Jensen Gets 20 Years for Second Degree Murder, Three Years for Armed Criminal Action

Nathan Jensen

Nathan Jensen

Nathan Jensen Pleads Guilty In the Death of Kenny Stout

On Monday, Nov. 5, 2018, 25th Judicial Circuit Judge John Beger sentenced Nathan Jensen, 33, of Ava, to 20 years in prison for second degree murder and three years for armed criminal action. 

Jensen pled guilty on August 15, 2018, to murdering Kenny Stout. The case was in Pulaski county on a change of venue. 

Douglas County Prosecutor Chris Wade represented Douglas County, and Ross Bush, of Quincy, Mo., represented the defendant.  

At the sentencing hearing, Marianne Stout, mother of the victim, and Michael Stout, father of the victim, both read victim impact statements to the court explaining the heartache and pain the murder has had on their family and how it still haunts them almost seven years later. The victim’s sister also prepared a victim impact statement that was read by the Judge. 

The defendant had Dr. Brooke Kraushaar, forensic psychologist from St. Louis, testify on his behalf and she had prepared a 14-page report on why the defendant’s sentence should be mitigated. The defendant then testified and read a lengthy letter to the court. He then called a witness in the case to testify as to how scared Jensen was the day after the murder and how Jensen’s co-defendant, Christopher Jorgensen, tried to kill Jensen in Texas County. 

After the witnesses, each attorney was allowed to argue. As part of the plea agreement, the range of imprisonment was 10 – 20 years.  Wade argued for 20 years, and at the close of the argument, Judge Beger announced that he agreed with the State and sentenced Jensen to 20 years imprisonment. Beger then told the family that he did not have words that were adequate to express how sorry he was for their loss.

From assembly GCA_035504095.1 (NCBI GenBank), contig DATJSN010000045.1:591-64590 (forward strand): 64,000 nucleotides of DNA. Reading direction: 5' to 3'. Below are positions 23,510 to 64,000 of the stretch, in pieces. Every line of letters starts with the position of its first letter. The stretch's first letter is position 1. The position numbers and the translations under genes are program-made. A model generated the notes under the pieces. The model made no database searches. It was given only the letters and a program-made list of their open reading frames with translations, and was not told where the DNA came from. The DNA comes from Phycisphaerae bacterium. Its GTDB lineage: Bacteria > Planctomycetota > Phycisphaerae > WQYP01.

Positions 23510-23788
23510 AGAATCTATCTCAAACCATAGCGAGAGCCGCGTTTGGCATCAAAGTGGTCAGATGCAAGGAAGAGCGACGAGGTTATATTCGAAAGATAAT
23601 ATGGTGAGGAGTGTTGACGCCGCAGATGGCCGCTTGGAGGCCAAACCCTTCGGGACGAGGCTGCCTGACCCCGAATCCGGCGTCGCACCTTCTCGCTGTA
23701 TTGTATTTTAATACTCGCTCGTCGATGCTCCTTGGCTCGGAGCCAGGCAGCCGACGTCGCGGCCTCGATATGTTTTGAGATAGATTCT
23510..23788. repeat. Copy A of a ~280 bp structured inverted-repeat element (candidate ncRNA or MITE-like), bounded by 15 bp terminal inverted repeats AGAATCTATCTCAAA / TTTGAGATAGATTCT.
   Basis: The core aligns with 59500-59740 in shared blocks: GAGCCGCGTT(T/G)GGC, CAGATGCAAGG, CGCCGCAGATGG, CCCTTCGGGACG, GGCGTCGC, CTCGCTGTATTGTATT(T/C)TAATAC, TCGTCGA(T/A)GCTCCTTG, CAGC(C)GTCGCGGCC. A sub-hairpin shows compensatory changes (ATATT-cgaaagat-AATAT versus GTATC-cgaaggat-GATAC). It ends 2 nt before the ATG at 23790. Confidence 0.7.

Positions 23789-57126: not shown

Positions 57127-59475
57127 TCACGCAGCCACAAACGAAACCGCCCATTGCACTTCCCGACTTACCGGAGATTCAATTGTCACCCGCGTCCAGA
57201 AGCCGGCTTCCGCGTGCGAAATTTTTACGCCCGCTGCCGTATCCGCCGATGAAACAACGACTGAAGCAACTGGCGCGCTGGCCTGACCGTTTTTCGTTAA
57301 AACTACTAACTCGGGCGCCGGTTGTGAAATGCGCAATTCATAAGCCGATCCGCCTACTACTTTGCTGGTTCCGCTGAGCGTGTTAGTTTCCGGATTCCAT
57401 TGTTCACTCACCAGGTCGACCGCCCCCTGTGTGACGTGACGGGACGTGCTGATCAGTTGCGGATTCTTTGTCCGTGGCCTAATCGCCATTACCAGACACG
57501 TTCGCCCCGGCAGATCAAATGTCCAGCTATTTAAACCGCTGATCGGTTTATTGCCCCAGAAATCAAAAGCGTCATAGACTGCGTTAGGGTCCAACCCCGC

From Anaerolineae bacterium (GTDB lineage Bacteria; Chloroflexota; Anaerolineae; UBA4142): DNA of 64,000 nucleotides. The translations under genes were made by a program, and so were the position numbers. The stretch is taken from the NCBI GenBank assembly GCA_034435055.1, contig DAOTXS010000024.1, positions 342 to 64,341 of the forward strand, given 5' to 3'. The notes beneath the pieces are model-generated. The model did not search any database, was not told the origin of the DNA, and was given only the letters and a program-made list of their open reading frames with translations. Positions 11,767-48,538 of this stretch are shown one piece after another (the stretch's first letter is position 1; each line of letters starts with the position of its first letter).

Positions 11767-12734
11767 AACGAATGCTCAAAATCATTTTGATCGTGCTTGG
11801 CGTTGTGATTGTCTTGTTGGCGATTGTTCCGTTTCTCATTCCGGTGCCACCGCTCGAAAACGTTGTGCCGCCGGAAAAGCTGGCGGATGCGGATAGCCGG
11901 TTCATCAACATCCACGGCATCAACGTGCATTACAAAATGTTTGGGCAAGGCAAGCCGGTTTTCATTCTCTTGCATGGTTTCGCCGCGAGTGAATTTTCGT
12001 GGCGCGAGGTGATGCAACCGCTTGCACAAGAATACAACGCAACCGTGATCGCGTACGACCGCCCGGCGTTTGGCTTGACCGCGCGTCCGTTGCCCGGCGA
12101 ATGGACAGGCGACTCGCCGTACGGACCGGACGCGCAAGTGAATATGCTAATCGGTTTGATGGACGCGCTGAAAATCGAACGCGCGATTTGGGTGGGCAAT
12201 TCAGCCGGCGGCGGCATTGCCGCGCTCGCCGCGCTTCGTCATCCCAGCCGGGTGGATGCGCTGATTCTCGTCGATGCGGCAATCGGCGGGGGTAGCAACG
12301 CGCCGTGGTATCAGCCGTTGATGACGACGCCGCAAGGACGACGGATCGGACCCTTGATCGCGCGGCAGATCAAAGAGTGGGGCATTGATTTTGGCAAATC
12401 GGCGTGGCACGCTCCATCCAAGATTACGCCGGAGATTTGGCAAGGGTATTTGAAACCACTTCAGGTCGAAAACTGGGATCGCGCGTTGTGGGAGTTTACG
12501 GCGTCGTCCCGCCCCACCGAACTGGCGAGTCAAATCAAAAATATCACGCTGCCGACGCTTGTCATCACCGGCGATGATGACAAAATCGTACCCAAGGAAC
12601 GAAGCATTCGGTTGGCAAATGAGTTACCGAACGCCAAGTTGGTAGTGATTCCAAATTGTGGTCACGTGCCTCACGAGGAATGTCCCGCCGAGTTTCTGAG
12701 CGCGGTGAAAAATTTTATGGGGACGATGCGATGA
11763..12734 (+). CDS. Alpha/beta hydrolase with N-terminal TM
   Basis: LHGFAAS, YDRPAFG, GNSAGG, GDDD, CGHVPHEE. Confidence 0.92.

“Michael and Marianne were very brave to stand up in open court and tell the judge how their lives have been affected by their son’s death while the person who killed their child is in the courtroom just steps away.  They were composed and each gave a heart-wrenching account of the anguish they have endured. This was a law day in Waynesville so the courtroom was packed while this sentencing hearing took place.  But their account touched all the people there,” states Chris Wade. 

“There were probably close to 100 complete strangers in the courtroom and it was total silence as the gallery listened to their statements; no one moved the entire time they spoke,” Wade continued.  “One of the bailiffs was crying and when the hearing was over a woman brought a note to them telling the family how sad she was for them. They touched a lot of people and I am very proud of them.” 

Jensen was originally convicted in 2013 of second degree murder, armed criminal action (ACA) and abandonment of a corpse.  The Supreme Court overturned the convictions for Murder Two and ACA, but affirmed the conviction for abandonment of a corpse, so he has been serving that sentence in the Department of Corrections while awaiting re-trial. His co-defendant, Christopher Jorgensen, testified against Jensen and received the same sentence as Jensen. 

“On the re-trial, we had a new judge, a new prosecutor, and a new defense attorney.  Also, some of the witnesses were now not cooperative or in legal trouble of their,” Wade said. “Jensen had always rejected pleas before and I assumed we would go to trial that was scheduled for October 1, 2018, but he surprised everyone and pled. The family was relieved because they didn’t want to have to relive this ordeal for another week. They also don’t have to worry about another reversal in the appellate courts.” 

Kenny Stout was 17-years-old and survived by his parents, brother, sisters, and several nephews and nieces he never had the opportunity to meet.